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Am J Clin Nutr. 1990 Dec;52(6):953-9.

Height-normalized indices of the body's fat-free mass and fat mass: potentially useful indicators of nutritional status.

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Department of Medicine, College of Physicians and Surgeons, Columbia University St Luke's-Roosevelt Hospital Center, New York, NY 10025.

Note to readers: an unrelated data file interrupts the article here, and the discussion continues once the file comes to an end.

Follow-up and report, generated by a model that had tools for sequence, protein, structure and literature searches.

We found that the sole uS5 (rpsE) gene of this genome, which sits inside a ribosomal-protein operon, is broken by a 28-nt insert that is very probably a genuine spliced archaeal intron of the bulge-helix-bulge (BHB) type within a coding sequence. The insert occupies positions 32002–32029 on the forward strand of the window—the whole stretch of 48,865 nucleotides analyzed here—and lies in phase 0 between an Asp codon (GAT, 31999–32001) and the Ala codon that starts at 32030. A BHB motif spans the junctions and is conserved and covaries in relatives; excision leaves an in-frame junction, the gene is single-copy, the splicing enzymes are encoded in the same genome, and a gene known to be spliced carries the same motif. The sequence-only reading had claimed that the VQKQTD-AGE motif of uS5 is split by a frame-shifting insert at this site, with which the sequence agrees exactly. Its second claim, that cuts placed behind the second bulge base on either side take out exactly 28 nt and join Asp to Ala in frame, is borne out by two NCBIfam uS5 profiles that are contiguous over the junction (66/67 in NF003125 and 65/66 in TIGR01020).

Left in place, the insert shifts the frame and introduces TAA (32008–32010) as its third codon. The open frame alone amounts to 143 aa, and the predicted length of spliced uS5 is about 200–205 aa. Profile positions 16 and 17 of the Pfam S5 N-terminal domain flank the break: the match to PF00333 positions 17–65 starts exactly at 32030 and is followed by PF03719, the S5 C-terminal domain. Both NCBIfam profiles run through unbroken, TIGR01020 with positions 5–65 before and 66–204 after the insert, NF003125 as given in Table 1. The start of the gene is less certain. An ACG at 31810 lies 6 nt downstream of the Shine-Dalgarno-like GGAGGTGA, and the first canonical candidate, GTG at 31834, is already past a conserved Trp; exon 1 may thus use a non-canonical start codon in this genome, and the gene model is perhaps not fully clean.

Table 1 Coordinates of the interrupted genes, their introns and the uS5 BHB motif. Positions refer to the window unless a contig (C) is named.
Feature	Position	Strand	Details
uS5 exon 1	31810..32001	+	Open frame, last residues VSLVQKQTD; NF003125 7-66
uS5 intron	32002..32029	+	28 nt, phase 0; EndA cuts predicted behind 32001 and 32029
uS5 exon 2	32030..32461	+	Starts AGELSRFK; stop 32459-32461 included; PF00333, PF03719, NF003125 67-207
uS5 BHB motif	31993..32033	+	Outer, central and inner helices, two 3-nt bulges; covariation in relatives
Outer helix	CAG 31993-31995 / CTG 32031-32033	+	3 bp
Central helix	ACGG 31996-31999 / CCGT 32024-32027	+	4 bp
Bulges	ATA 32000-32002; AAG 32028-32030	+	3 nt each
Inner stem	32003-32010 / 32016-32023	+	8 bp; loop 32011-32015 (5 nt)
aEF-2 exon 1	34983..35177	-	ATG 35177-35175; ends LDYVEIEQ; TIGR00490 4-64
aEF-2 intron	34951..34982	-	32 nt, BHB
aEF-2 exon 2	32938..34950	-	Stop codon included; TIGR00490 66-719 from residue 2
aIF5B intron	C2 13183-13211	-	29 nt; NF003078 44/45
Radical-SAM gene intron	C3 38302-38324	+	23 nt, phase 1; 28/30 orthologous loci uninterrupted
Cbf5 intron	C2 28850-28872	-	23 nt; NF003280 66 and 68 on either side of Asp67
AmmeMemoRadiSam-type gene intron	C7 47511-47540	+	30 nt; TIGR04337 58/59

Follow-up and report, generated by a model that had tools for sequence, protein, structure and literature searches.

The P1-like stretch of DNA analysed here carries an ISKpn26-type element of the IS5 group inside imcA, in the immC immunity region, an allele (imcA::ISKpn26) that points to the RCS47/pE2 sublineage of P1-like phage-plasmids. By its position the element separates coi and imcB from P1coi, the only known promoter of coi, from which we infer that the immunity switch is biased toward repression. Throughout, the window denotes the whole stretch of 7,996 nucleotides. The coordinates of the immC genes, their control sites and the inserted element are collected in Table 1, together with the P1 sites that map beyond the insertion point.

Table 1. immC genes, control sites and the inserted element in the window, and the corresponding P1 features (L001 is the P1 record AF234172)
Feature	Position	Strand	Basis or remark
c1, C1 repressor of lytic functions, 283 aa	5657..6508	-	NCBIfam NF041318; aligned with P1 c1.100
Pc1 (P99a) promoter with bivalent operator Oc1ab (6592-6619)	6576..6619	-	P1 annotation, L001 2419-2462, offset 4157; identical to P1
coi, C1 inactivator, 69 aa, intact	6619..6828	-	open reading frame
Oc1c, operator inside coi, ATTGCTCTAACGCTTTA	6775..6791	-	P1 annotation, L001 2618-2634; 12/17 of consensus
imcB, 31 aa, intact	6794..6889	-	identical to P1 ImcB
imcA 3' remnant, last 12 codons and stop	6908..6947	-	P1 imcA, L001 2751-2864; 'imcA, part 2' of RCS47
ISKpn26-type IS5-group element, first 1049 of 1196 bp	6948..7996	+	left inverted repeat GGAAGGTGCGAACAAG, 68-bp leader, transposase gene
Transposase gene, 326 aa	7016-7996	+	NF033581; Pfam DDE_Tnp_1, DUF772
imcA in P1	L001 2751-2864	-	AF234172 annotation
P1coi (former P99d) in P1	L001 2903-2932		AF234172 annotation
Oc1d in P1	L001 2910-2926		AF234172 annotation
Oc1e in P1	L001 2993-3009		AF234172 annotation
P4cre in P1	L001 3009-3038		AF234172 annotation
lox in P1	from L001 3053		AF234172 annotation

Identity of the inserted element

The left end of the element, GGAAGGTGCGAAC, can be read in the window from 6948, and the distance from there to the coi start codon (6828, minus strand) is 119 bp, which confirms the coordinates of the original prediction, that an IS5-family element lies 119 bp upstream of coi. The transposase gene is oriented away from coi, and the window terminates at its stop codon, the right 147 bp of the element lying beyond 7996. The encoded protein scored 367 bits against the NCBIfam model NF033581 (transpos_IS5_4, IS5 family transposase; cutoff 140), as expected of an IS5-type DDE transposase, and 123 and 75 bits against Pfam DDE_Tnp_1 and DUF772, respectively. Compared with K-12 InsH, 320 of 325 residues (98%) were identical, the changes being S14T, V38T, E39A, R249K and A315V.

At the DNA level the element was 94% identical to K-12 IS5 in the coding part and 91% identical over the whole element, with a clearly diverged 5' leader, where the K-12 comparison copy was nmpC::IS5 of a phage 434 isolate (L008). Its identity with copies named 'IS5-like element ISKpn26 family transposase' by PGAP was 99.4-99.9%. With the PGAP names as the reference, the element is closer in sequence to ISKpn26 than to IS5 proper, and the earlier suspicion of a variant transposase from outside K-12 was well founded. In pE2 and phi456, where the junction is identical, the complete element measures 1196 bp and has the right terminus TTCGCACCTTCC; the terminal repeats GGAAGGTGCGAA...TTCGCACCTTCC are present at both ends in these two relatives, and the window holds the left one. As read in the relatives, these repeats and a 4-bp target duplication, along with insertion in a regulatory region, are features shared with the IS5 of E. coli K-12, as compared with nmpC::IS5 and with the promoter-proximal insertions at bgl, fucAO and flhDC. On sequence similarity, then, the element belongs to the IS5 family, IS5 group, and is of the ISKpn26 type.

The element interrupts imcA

Expressing fat-free mass (FFM) and body fat mass (BFM) as percentages of body weight or by weight is unsatisfactory. For example, tall patients with protein-energy malnutrition (PEM) can exhibit values for FFM and BFM similar to those of shorter well-nourished individuals. To obviate such difficulties, we propose use of height-normalized indices, namely, a FFM index [FFM (kg)/height (m)2, or FFMI] and a BFM index [BFM (kg)/height (m)2, or BFMI]. We calculated these indices in a reference population of 124 healthy young men and in 32 nonobese young men (from the Minnesota Study) before, during, and after experimental semistarvation. When values for FFMI and BFMI falling below the reference cohort's 5th percentile cutoff point were used as a criterion for PEM, these indices, together with basal oxygen-consumption rate, diagnosed PEM in 27 of the 32 Minnesota Study subjects after 12 wk of semi-starvation. These findings indicate that FFMI and BFMI may be useful in nutritional assessment.

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